Mr. Nelson is retired from the U.S. Navy as a Crypto-Linguist with over 30 years’ experience in Foreign Language and Linguistics, including the collection, transcription, analysis and reporting of voice communications.
He is a two time graduate of the U.S. Navy Cryptologic Voice Transcription School (Russian and Spanish) and has logged thousands of hours of voice transcription in his target languages as well as in Persian. He is currently teaching Russian, Spanish, Persian, Philosophy and Comparative Religions at Wentworth College in Missouri.
The vetting of Mr. Nelson by J. Edward Boring, Chief Knowledge Officer
Defense Language Institute Foreign Language Center
1759 Lewis Road, Bldg 614, Suite 251
Presidio of Monterey, CA 93944.
Dear Mr. (inquirer),
Speaking in general, especially with regard to what the subject may have learned while a student at DLIFLC, odds are strongly in favor of him having learned more than enough about language origins, structure, formation, and development to be well-qualified to complete the research and documentation to which you refer.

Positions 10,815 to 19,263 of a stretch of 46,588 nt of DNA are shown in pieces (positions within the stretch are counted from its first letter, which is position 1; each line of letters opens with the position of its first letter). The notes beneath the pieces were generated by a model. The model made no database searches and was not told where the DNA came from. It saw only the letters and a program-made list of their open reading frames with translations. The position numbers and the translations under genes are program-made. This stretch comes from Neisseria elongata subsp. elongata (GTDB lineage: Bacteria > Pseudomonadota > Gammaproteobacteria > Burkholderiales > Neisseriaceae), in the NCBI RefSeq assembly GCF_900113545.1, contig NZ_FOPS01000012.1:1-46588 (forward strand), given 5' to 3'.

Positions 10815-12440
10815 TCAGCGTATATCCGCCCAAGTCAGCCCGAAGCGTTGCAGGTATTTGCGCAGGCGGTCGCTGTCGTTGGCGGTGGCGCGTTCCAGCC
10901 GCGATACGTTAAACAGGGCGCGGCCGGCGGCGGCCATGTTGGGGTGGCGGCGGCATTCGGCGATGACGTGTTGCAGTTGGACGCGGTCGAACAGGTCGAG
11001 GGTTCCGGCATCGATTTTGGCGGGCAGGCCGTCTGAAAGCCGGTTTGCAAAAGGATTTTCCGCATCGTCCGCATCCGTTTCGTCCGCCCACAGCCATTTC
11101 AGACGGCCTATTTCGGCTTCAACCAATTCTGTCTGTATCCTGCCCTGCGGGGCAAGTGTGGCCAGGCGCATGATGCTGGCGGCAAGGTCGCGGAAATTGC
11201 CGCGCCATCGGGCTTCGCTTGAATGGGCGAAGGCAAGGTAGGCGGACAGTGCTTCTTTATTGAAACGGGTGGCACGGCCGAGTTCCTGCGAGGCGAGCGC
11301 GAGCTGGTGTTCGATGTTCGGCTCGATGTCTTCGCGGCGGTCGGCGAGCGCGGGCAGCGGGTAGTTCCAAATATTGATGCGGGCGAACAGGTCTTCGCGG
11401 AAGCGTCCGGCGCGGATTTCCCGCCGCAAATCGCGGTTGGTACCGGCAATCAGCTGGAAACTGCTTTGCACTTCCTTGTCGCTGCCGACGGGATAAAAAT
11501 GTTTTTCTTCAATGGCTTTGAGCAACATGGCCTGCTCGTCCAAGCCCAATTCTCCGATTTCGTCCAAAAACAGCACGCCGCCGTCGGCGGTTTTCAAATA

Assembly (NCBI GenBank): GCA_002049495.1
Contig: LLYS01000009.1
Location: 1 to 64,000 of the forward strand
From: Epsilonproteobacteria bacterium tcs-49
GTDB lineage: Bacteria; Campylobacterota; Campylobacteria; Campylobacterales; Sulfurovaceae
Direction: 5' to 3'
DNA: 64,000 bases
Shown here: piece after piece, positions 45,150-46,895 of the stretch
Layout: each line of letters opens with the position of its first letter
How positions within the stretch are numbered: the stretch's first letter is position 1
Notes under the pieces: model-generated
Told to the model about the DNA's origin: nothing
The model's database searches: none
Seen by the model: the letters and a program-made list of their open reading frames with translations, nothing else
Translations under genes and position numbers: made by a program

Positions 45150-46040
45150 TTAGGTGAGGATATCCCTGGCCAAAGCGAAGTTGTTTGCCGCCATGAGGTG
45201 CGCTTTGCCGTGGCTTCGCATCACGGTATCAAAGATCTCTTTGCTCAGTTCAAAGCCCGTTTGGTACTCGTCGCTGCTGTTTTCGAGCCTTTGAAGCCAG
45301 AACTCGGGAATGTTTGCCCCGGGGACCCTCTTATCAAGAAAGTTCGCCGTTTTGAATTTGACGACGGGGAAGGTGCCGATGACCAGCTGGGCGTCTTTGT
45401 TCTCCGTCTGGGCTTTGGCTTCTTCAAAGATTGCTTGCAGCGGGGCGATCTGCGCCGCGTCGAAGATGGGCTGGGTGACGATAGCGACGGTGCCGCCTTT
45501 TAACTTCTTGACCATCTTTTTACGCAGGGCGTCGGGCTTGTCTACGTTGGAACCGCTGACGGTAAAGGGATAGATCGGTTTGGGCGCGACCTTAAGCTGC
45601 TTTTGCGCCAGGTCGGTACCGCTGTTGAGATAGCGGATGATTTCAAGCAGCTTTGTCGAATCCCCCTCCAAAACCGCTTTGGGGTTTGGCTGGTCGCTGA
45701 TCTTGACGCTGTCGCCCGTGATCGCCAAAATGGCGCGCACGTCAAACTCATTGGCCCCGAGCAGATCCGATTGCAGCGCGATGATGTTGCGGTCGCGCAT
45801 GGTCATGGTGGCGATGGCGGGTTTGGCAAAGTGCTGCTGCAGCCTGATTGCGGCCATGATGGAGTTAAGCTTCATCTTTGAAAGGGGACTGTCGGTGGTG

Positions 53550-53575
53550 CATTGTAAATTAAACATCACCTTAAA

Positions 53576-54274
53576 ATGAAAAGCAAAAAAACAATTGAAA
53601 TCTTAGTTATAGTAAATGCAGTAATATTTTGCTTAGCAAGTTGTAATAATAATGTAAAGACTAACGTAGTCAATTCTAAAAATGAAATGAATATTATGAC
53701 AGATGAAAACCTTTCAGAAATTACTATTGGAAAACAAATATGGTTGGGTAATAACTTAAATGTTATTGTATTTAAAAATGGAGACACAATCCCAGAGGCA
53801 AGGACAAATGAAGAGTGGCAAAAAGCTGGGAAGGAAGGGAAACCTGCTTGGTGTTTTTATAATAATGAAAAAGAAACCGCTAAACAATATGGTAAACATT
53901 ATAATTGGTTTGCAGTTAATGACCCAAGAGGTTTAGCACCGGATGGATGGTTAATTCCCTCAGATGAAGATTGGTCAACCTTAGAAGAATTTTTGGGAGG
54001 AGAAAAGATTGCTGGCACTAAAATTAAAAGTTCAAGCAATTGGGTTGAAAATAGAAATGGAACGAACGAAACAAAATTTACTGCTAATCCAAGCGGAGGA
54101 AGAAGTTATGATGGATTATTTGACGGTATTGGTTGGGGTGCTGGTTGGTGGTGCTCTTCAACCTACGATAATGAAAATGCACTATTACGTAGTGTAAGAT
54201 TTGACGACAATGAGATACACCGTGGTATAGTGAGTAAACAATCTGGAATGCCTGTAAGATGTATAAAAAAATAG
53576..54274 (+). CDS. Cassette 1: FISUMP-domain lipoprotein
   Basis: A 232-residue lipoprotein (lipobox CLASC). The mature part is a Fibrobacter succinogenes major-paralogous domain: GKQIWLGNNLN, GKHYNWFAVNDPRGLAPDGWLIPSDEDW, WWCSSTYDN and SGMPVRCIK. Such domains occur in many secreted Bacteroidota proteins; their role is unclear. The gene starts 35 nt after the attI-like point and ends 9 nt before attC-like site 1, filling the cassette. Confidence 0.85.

As near as I can tell, from your statements, the subject has not translated the recordings. He has simply analyzed them and applied phonetic structure to the sounds on the recordings. This is well within the skill levels expected of any graduate of DLIFLC. If the subject’s skills have been further enhanced by years of study and professional experience, I would expect an even more scholarly capability to listen, transcribe, analyze, document, organize, and explain (phonetically at least) any “unknown language.”
In fact, the entrance exam that qualifies (or not) a person for enrollment at DLIFLC requires the examinee to learn a “new language” on the spot, while taking the examination, correctly answering questions presented in the “new language” (which is not a known extant human language), thus exhibiting the examinee’s aptitude for linguistic studies.
Hence, I have no difficulty at all stating that IF the subject is in fact a “two time graduate of DLI” he would be utterly qualified to do what you say he has done, and more besides. At the end of the day, this type of research and analysis are fundamental to a career cryptolinguist’s profession.